Juvenile Myoclonic Epilepsy Medication

Updated: Jun 24, 2016
  • Author: James Selph, MD; Chief Editor: Selim R Benbadis, MD  more...
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Medication

Medication Summary

The goal of pharmacotherapy is to reduce morbidity and prevent complications.

The US Food and Drug Administration (FDA) has not approved any anticonvulsant solely for the treatment of juvenile myoclonic epilepsy (JME). In 2006, the FDA approved the adjunctive use of levetiracetam for the treatment of JME. Divalproex sodium has been approved as adjunctive therapy for patients with multiple seizure types that include absence seizures. However, many patients with JME do not have absence seizures.

In most patients with JME, seizures are well controlled with monotherapy. Valproic acid has been considered the treatment of choice for JME for many years, but epileptologists are increasingly using other choices as first-line therapies, including leviteracetam monotherapy. Approximately 80% of patients with JME become seizure free with valproate monotherapy.

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Anticonvulsants

Class Summary

Anticonvulsants are the mainstay of therapy for JME. These agents are given to prevent myoclonic jerks or seizures, generalized tonic-clonic seizures (GTCSs), and absence seizures.

Valproic acid and derivatives (Depakote, Depakene, Stavzor)

Divalproex sodium is indicated for monotherapy or adjunctive therapy in simple and complex absence seizures and adjunctively in many seizure types, including absence. In clinical practice, it is often a first-line anticonvulsant in JME. It is metabolized to valproic acid.

Valproic acid (Depakene), in a rapid-release formulation, is available as a cap and syrup; Depacon is an intravenous (IV) formulation. Stavzor is available as a 125-, 250-, or 500-mg delayed-release tablet.

Studies of combination therapy suggest that in practice, patients starting divalproex monotherapy need a low starting dose and target doses close to about 10 mg/kg/d. In the elderly, clearance of unbound drug is decreased; lowered doses are needed. Children often require higher doses per weight than adults do; some children given combination therapy (with enzyme-inducing antiepileptic drugs [EIAEDs]) may need doses as high as 60 mg/kg/d.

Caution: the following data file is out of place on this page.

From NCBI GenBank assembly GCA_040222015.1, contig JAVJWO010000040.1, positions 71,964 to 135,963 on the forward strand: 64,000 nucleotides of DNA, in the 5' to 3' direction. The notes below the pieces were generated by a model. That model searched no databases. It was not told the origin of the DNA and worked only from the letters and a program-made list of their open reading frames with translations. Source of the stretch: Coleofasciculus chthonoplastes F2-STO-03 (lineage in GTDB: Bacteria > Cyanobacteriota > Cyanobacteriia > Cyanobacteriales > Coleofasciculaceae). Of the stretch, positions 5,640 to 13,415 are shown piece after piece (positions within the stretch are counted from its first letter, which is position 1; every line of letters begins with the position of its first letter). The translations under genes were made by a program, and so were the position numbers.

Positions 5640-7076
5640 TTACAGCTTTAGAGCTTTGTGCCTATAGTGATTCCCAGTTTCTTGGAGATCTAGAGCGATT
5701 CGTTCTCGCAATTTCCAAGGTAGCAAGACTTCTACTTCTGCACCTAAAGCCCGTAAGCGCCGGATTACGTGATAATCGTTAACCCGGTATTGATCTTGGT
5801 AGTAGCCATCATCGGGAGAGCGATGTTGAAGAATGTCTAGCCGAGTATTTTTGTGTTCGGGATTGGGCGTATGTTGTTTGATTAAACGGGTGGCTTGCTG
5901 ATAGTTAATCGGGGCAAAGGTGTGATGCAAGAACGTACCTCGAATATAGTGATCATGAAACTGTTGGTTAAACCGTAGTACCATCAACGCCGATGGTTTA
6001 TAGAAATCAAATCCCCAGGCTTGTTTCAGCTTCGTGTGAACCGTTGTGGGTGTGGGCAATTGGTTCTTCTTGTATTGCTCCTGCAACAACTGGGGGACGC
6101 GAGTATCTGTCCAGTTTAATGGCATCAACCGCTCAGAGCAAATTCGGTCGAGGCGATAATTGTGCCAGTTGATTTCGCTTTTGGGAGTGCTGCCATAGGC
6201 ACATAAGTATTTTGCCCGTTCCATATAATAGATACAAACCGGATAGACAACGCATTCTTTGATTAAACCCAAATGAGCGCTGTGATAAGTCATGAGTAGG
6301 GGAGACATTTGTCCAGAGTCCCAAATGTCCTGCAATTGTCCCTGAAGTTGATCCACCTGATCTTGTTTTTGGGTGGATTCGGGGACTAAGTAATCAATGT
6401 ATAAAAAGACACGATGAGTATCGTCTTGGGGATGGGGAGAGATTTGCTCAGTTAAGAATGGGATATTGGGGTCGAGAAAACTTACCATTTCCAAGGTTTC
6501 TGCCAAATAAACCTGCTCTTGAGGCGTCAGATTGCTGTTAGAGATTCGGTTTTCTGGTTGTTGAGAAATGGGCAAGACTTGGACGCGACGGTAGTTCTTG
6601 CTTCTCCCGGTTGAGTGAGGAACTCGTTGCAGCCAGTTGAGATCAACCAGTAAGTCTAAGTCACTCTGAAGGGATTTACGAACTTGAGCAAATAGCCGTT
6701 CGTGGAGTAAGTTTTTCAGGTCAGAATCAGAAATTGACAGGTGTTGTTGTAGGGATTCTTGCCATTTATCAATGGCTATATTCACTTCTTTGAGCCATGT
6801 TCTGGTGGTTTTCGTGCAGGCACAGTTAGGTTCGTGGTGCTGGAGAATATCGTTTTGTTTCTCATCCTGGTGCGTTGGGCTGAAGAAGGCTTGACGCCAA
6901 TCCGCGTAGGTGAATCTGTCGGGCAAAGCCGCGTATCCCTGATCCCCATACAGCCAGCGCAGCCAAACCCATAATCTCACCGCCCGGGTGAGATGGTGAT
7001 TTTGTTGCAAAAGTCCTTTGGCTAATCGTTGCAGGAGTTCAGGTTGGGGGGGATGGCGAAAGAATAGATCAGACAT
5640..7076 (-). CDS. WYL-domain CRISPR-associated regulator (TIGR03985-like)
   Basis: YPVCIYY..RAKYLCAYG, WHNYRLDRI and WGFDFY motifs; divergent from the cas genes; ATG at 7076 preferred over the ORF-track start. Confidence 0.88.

Lamotrigine (Lamictal)

Lamotrigine is FDA-approved as add-on therapy in patients older than 16 years with partial seizures; it is recommended as adjunctive therapy in generalized seizures of Lennox-Gastaut syndrome in adults and children; it is also indicated for conversion to monotherapy after failure of at least 1 EIAED (eg, carbamazepine, phenytoin, phenobarbital). Several reports suggest that it is efficacious in JME and some of its seizure types; the present authors found benefit in some patients.

Lamotrigine is a well-tolerated anticonvulsant; it requires slow up-titration because of the risk of rash. It probably has fewer cognitive (ie, sedative) effects than most anticonvulsants do; some patients with JME have worsening of myoclonic jerks at low doses. In most patients, increasing the dose results in clinically significant improvement.

Serum concentrations of lamotrigine are useful in monitoring compliance and adjusting the dose; a few months into treatment, serum concentrations may decrease slightly because of enzymatic inducement in the liver. Conversion from EIAEDs can be faster than recommended. Conversion from (or add-on therapy with) valproic acid requires slow titration because valproic acid inhibits metabolism of lamotrigine. Starting at high doses may increase the incidence of rash.

No IV formulation is available.

Topiramate (Topamax)

Topiramate is indicated and FDA-approved as adjunctive therapy for adults and children with partial-onset seizures and primary GTCSs. It is approved for monotherapy in primary GTCSs. Some patients with JME have primary GTCSs but may also have myoclonic and absence seizures. Topiramate is available as a 25-, 100-, or 200-mg tablet and as a 15- or 25-mg sprinkle capsule.

Zonisamide (Zonegran)

Zonisamide is indicated for adjunctive treatment of partial seizures with or without secondary generalization. Evidence suggests effectiveness in myoclonic and other generalized seizure types as well.

Levetiracetam (Keppra)

Levetiracetam is indicated as adjunctive therapy for myoclonic seizures in adults and adolescents and in primary GTCSs. The mechanism of action is unknown but is presumed to involve binding to the SV2A site in synaptic terminals.

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